Could Wash barrier one day be needed to protect King’s Lynn?

King's Lynn's historic waterfront Picture: Ian Burt

King's Lynn's historic waterfront Picture: Ian Burt - Credit: Ian Burt

It sank quietly more than a decade ago, after an outcry from conservationists.

But could a tidal barrier across part of The Wash be back on the agenda?

The Environment Agency admits such a structure might one day be needed to protect King's Lynn after calls from climate change activists in the town.

"Going back a hundred years, there's been the idea of a tidal barrier on the Great Ouse and indeed across The Wash," the EA said.

"Currently the tidal defences along the Great Ouse provide a high standard of flood protection to local communities and in recent years we have done improvement works to defences within King's Lynn.


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"At the moment there are no plans to look at a barrier, but when we start to look longer term at flood planning for the Great Ouse, of which we have just started looking at the Fens, we expect some form of barrier will be one of the options that will be considered."

Plans for a barrage were proposed in 2008, when the Wash Tidal Barrier Corporation said it wanted to build an 11-mile-long structure between Skegness and Hunstanton.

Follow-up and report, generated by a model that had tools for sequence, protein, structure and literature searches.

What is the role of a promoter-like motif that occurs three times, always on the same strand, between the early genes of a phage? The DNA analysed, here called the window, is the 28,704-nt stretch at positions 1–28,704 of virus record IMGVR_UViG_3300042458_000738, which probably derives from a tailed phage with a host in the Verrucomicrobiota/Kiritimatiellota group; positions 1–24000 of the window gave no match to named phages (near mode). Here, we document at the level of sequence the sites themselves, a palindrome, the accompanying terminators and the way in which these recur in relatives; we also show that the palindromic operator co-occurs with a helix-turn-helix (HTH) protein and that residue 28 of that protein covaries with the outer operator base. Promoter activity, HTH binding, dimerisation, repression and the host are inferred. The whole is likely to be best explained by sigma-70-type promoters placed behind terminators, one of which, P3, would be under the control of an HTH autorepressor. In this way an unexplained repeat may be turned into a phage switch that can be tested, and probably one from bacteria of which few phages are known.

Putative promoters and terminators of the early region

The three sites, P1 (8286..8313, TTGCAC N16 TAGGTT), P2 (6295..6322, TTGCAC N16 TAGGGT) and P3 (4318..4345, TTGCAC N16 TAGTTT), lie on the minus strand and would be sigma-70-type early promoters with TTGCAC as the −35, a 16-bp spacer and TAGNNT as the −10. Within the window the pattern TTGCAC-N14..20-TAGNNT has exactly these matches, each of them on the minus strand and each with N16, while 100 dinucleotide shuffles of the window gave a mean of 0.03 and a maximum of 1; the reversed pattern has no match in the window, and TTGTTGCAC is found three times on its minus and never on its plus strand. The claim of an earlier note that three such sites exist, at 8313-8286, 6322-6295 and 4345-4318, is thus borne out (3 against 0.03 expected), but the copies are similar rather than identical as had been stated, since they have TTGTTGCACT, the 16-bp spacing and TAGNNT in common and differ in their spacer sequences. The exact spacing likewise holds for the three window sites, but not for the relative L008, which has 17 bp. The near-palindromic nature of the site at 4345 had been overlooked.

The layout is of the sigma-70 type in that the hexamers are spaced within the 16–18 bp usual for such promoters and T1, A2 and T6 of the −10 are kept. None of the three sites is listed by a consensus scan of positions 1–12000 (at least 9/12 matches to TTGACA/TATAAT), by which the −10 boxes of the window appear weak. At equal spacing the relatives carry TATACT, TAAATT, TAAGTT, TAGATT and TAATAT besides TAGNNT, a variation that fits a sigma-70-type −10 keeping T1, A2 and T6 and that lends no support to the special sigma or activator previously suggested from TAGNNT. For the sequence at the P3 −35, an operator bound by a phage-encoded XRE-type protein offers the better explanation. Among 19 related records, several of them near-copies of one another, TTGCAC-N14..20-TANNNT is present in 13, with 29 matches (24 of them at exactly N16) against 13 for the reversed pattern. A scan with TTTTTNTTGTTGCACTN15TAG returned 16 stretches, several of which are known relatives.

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It said it would protect the up to 500,000 people and 300,000 hectares of land, along with generating green energy from the tides.

But the RSPB and other conservation groups attacked the plan, saying it would damage an internationally-important estuary for birds.

No plan is currently in place. But the EA added: "As explored through recent public consultation on the draft National Flood and Coastal Erosion Risk Management Strategy, climate change and the need to adapt to sea level rise will mean that flood resilience and infrastructure choices for communities along our coast and estuaries need to be looked at over a long term timeframe."

A flood defence barrier is already being constructed acrosss The Wash from Lynn in Boston.

The Environment Agency says the structure, across the River Witham. It will protect more than 14,000 homes when it is completed in December.

Some 300 homes in the Lincolnshire fishing port were flooded during the storm surge of December 5, 2013.

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